|Originally posted by Rsvl-Rider:|
The magazine is available on that site but the article isn't.
So what was the real reason they killed it?
The full real story is according to the inside Fiero Pontiac people I have spoken too.
#1 Pontiac put the car in a plant that has a large capacity much more than one should expect a 2 seater car to be able to keep up with.
#2 Pontiac had expected the GM 80 F body replacement also with a plastic body to take up the remaining production. The problem was the GM 80 was FWD and when the Ford Mustang was retained to be a RWD and the FWD version became the Probe GM killed the GM 80 program.
#3 This left the Pontiac plant with a car that they had expected to sell approx. 25K-35K units per year but no other car to fill out production at the plant.
#4 Pontiac and GM mishandled the publicity on the car and it was getting a bad wrap.
#5 With the lack of car to put into the plant to fill out production and bad publicity gave the enemies of the car the ammo they needed to bring it down. It is well known there were people with in GM that never wanted the car and then the Chevy people feared a more powerful cheaper Fiero would cut into already declining Corvette sales and possibly Camaro. The Corvette contrary to popular belief is never given a free pass and this could have lowered sales that may have hindered their future business case for the car.
John Schinella the lead of design on the Fiero from start to finish said it best Chevy sells more cars so Chevy gets more say. They did not want the car and they saw to it that the car was killed. The many mistakes or miscalculations just gave Chevy the needed points to kill the car.
I also spoke to someone who was at the last meeting and I have read the documents from the meeting where it was killed. There was a good effort by Pontiac to save the car but no matter what they said or did the car was DOA going to the meeting. There just was no saving it.
This lead to many difficult things post car as GM and Pontiac made a lot of promises to the UAW so they were mad at GM. Pontiac people were mad at Chevy and GM people who saw fit to undermine anything they did. The bad blood lingered for years and even some still at GM from the program will only speak off the record.
The design for the 1990 was reused and converted to front engine for the 4th Gen F body including the dash.
The story in the magazine points out the killing of the car was due to Chevy and the Corvette. This is a true statement that was rumored for years and now proven true.
If you want an example of how damaged the GM culture inside was the Fiero is a the perfect case of it. This is where divisions and corporation did more to damage a car or to each other than any competitor could have done. If they had all worked together they could have really done something even greater here but as we know now where this culture lead.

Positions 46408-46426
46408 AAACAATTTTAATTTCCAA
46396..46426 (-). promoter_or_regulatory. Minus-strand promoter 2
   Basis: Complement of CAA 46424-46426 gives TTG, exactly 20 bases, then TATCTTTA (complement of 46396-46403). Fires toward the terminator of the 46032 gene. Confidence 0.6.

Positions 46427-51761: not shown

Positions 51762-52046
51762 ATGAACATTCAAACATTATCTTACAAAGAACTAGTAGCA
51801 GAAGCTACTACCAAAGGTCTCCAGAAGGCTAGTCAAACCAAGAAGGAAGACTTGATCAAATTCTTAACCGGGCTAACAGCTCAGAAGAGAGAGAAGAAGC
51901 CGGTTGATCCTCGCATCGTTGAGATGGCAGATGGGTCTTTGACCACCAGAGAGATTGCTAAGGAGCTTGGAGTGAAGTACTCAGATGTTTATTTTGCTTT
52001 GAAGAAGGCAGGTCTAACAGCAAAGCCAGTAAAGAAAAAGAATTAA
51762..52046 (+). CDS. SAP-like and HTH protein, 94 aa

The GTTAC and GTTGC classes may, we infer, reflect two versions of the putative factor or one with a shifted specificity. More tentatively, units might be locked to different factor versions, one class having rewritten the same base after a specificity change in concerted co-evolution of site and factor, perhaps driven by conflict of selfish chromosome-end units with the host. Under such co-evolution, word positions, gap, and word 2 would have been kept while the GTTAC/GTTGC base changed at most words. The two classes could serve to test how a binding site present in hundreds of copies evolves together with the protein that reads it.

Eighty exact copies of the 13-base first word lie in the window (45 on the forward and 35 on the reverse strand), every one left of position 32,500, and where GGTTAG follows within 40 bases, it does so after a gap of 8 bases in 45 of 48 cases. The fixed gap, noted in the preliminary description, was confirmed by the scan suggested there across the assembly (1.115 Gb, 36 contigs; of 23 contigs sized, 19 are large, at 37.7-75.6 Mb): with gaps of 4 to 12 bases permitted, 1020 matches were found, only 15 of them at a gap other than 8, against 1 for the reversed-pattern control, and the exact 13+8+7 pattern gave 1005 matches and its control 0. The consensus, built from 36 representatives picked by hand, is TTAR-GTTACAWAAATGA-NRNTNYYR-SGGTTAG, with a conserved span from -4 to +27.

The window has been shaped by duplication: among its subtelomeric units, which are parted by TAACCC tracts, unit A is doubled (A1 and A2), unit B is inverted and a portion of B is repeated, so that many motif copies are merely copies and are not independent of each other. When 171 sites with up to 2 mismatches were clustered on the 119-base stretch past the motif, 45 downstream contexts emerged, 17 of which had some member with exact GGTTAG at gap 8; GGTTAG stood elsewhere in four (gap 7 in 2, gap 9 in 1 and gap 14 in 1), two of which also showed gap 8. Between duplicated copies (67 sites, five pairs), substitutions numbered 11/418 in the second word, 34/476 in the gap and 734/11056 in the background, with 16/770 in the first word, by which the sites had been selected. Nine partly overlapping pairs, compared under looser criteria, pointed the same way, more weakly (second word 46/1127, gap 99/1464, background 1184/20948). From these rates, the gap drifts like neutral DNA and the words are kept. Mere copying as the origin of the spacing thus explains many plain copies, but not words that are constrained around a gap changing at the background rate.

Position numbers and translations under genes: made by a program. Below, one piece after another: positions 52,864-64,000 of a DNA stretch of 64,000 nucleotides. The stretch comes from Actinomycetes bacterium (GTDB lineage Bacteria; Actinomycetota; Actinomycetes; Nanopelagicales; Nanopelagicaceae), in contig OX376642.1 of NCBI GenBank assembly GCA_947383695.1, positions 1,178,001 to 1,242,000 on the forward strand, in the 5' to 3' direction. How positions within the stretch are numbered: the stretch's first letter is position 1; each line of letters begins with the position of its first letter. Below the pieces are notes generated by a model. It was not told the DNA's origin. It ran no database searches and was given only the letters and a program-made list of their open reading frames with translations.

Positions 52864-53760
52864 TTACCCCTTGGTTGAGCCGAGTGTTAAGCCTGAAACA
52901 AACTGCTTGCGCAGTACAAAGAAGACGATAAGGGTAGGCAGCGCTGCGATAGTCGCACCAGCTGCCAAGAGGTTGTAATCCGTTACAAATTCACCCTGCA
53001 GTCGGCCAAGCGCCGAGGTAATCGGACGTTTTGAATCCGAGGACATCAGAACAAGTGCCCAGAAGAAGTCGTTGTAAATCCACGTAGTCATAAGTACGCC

As Bob Lutz said in his book. There are those at GM that were the problem and those who are not the problem. Today those who are not the problem are now gaining control and the products are now showing the changes and much less infighting.
The damaged culture culminated in the ignition deal and is another example where the left hand did not know what the right hand was doing. Some people at GM knew what was going on but for the most many did not.
There are a lot of other small details to the Fiero program and the issues. But the main thing is Pontiac made mistakes and took risk that paid off short term but caught up in the long run and gave those with in the company reason to take the car out. Something as simple as the GM 80 making production could have covered them but then we would have been stuck with a FWD Camaro and how long would that have lasted?
From what one Pontiac insider told me he never felt that many expected the car to last. Even if it got to a second gen time may have been limited as so many 2 seat cars have short lives. Only a few like the Corvette and Miata have lived long lives. MR2, RX7, Nissan Z cars etc all ran short cycles compared to what many cars see.
The fact is a 2 seat car is often a second or third car and the number of buyers are limited. When you sell as many Fiero's in a short time like they did limits future sales as they have flooded the market. The Miata has proven how you keep a limited market alive by limiting sales. They sell under 20K units per year here and it keep demand up. Global sales help fill out the volume to make it profitable. If Pontiac had shared this car with Opel and Holden. Then sold them in lower numbers each year on a smaller line or a line that did have another product to share it things may have been different. But these mistakes out of desperation because of the lack of support of GM in general made for risky moves.
But in the end the Fiero as Schinella pointed out got a lot of people in the show rooms and sold a lot of Grand Am's that lead to Pontiac surviving and Olds being killed a little later on. Pontiac was in trouble in the early 80's and nearly died then. Once they lost the 400 engine and much of their identity in the F body with so much sharing with Chevy it really hurt. Then they made the Bonneville from the old A body Lemans really did a lot of damage. I know may here may not have been around but the years 80-84 were some pretty tough years at Pontiac.